Ja Rule’s Perspective on White People Using the N-Word

Increasing racial sensitivity leads many to point out racist language used by others. Ja Rule, in his interview with Vlad TV expands on the matter and provides his personal opinion on the issue.

While speaking with Vlad TV, Ja Rule offered his thoughts on white people using the n-word in the video above (WARNING: Strong language presence).

New York rapper Ja Rule is a relatively well-known name in the rap industry. In the interview with Vlad TV, Ja Rule says, “there’s no way around” keeping white people, the youth in particular, from using the n-word. This demographic specifically may not fully understand the origin of the word at play here. While speaking on the matter, Ja recalled a concert he attended where the n-word was faded out in a song, but the concert attendees, who he says were mostly white, still sang along during that particular part of the song. Despite the presumed outrage, the rapper remains understandable.

“It’s Hip-Hop, man,” Ja Rule said. “The kids listen to Hip-Hop. They use the n-word. Point blank, period. There’s no way around it. You know what I mean?” There really is no way around this other than educating the younger minds on the issue relating the origin of the word to its current use.

Given his belief that the word “has a different meaning now,” Ja Rule explained that he’s still unsure of who should and shouldn’t use the n-word. He also used Justin Bieber as an example of a white artist who likely received a pass when he did use the word, because of his age and perceived lack of understanding. Although, many would say this is no excuse for the word usage.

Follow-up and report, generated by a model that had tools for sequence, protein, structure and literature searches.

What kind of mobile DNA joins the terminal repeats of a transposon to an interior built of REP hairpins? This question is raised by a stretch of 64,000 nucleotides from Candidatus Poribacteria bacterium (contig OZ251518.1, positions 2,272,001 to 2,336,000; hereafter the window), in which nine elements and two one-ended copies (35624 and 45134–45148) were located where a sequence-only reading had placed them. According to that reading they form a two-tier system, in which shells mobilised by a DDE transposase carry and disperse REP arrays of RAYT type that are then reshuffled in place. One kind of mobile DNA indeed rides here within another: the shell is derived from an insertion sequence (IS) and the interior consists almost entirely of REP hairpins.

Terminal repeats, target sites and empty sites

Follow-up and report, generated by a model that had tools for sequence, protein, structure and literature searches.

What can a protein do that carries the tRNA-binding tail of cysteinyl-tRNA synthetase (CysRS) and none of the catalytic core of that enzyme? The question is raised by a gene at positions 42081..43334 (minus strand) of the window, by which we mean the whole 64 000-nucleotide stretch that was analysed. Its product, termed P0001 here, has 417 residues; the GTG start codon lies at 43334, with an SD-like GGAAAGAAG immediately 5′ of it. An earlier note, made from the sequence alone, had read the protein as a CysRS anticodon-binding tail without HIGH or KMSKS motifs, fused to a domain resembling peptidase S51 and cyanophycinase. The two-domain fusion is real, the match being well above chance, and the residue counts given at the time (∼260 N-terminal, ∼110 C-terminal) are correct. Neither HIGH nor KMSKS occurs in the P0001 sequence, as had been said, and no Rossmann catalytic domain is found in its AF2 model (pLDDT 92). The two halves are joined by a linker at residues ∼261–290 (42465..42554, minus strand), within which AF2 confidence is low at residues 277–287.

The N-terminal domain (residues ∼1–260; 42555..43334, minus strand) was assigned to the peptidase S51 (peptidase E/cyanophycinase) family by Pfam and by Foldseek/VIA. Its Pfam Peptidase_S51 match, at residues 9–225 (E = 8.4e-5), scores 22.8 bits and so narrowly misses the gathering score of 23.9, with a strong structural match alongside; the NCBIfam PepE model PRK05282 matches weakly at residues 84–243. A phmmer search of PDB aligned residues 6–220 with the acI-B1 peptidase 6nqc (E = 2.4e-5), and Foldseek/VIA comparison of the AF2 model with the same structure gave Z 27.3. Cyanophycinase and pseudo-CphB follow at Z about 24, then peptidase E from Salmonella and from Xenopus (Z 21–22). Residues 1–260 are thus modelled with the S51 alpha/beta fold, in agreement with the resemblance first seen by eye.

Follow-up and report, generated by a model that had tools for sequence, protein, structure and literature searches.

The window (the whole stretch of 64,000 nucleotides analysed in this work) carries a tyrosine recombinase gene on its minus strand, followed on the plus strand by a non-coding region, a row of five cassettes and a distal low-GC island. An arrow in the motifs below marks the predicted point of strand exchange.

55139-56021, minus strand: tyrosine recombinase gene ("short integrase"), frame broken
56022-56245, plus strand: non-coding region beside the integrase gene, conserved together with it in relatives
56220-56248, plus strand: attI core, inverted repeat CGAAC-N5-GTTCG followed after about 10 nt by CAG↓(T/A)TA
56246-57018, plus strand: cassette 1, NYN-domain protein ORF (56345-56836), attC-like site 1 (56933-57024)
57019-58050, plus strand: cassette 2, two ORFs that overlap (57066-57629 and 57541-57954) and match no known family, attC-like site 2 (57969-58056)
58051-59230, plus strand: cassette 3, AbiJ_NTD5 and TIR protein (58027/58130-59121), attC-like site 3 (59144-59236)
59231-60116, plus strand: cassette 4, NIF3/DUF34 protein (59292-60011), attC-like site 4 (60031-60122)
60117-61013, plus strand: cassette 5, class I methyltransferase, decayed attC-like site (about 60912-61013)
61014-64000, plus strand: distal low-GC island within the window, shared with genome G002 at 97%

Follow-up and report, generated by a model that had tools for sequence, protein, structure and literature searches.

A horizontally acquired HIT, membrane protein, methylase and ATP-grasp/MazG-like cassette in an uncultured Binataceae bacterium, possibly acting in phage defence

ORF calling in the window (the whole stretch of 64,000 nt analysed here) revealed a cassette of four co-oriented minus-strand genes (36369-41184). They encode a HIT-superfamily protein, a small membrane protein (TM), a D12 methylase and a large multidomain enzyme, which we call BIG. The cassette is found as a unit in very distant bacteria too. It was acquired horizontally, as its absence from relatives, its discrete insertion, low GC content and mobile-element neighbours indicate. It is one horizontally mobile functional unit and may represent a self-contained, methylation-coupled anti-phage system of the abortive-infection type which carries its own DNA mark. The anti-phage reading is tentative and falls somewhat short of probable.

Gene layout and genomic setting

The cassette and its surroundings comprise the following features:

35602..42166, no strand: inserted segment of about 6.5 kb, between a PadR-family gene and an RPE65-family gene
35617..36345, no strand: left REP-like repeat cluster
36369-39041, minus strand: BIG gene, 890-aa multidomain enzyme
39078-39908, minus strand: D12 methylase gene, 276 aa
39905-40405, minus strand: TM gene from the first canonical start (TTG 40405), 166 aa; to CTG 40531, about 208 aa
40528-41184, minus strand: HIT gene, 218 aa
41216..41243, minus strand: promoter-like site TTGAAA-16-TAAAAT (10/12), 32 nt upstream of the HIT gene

“Let’s bring Justin Bieber into this for a great example,” he said. “He has the video that came out a few years ago. He’s singing ‘one lonely n-’ or whatever. He got a pass. He got a pass because we all looked at it like ‘He’s a kid. He doesn’t know any better. He probably doesn’t even know the history of the word.’ But he got a pass. I don’t know why he got a pass, but he got an (expletive) pass. It’s hard to determine who can say the word, who cannot say the word…The word has a different meaning now. It’s not the same.”

Many Americans of color use the word when referring to friends, certain relatives, etc. This may lead to the misunderstanding of the word among today’s youth. Increasing racial sensitivity may lay cause for a change and perhaps everyone can benefit from education.

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